In conclusion, specific forms of the cAMP-responsive bZIP transcription factors (CREB, CREMα and CREMτ2α) have previously been shown by us to be temporally differentially expressed in the human myometrium throughout gestation, and to possess trans-activation and trans-repression properties with regard to downstream genes containing CREs in their promoter regions. We show here that these potent factors act in human myometrial cells to affect the expression of genes with a wide range of roles attributable to uterine activity. This supports our hypothesis that the cAMP/PKA signalling pathway, acting via the cAMP-responsive transcription factors CREB, CREMα and CREMτ2α, plays an important role in the control of uterine contractility during human pregnancy and labour.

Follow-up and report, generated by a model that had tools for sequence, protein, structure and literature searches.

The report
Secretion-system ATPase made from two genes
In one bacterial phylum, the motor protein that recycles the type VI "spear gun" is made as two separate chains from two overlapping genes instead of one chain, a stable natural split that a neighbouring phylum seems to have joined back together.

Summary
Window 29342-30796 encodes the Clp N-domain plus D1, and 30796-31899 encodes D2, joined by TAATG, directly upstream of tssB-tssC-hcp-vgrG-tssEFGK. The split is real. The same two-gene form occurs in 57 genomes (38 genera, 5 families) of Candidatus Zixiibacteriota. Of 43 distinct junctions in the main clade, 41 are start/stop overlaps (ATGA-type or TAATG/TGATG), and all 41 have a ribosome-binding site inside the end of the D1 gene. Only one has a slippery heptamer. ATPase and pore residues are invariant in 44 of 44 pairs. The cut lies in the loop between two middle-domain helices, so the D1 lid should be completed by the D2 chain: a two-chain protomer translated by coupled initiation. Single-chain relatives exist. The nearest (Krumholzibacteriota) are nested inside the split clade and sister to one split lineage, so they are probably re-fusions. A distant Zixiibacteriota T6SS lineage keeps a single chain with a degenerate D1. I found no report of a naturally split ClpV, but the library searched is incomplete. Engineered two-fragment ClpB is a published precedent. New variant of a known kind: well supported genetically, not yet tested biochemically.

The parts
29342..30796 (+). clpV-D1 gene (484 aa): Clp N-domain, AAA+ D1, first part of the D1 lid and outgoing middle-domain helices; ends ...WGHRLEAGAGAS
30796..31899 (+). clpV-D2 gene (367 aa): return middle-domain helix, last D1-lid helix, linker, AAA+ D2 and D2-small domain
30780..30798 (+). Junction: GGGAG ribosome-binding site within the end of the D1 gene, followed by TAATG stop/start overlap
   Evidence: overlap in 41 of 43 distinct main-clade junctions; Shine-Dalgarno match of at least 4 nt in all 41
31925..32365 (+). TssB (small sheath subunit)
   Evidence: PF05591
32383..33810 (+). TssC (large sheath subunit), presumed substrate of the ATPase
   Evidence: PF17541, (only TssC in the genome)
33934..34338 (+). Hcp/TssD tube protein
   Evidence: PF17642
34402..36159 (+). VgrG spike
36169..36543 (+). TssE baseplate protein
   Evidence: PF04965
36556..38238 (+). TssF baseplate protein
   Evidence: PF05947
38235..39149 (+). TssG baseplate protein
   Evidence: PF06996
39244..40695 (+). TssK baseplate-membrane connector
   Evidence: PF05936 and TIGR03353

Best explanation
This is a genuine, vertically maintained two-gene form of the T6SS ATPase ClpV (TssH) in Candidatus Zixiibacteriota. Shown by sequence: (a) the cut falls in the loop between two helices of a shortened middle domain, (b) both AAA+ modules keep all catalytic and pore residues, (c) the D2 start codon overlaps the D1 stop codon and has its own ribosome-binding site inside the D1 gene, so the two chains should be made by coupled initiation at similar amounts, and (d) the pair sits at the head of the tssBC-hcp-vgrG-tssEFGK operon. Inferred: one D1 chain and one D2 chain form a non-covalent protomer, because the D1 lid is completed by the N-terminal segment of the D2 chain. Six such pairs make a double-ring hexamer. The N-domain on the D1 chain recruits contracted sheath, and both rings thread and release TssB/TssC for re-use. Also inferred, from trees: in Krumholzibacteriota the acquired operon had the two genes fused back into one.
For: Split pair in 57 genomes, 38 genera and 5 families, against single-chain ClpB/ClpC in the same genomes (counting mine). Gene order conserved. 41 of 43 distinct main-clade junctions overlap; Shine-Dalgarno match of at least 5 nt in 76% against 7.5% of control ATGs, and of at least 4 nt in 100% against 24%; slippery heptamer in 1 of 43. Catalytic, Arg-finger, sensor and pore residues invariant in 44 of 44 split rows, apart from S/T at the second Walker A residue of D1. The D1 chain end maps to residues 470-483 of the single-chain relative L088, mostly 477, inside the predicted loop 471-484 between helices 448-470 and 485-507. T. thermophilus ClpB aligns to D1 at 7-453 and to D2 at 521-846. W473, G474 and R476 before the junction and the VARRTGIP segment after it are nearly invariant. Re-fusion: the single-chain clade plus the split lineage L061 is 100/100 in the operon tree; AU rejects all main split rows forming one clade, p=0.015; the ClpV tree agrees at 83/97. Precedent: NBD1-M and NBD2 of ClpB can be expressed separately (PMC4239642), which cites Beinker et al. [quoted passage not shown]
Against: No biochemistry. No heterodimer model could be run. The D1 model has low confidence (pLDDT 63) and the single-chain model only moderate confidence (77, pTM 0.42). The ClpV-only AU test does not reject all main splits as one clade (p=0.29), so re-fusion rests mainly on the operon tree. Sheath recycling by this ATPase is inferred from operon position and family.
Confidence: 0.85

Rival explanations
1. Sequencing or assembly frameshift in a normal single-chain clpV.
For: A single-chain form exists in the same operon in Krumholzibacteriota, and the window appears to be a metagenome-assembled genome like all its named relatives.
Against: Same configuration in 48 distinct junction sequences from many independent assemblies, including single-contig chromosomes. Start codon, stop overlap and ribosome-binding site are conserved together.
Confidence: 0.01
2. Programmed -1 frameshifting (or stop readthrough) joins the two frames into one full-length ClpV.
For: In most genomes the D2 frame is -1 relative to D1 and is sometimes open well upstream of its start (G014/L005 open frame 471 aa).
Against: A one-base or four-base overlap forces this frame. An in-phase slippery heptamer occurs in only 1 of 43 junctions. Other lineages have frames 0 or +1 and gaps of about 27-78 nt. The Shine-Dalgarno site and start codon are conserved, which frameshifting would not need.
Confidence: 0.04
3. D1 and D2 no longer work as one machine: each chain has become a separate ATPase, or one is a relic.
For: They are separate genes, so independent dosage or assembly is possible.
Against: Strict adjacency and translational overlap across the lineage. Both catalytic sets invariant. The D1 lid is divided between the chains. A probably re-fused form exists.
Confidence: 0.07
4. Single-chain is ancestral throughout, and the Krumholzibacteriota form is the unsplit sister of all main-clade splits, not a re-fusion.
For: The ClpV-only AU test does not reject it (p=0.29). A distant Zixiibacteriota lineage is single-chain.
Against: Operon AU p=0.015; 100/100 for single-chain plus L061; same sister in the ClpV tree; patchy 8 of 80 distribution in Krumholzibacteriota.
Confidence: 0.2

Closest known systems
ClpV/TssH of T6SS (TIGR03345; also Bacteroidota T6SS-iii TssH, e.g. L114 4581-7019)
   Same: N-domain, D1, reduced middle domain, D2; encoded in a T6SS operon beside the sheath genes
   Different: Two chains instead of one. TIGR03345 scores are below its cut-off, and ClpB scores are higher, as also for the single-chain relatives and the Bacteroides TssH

Table 1

Number of genes affected by stable expression of CREB, CREMα and CREMτ2α in cultured myometrial cells according to data from Affymetrix Human 133 A microarray chips and GeneSpring data mining. Normalized gene-expression levels for stable cell lines transfected with expression constructs for the CREB, CREMα and CREMτ2α genes were compared to normalized baseline levels as described in the Material and methods section. Out of a possible 20 966 genes, the number of genes whose expression was altered by 1.5-fold or greater is shown, along with the number of genes up- and down-regulated

No. of genes
No. of downstream genes affectedAffected genes per chip (%)Up-regulatedDown-regulated
Stably- transfected gene
CREB9584.57522436
CREMα1180.567147
CREMτ2α2201.0514872
Figure 1
Figure 1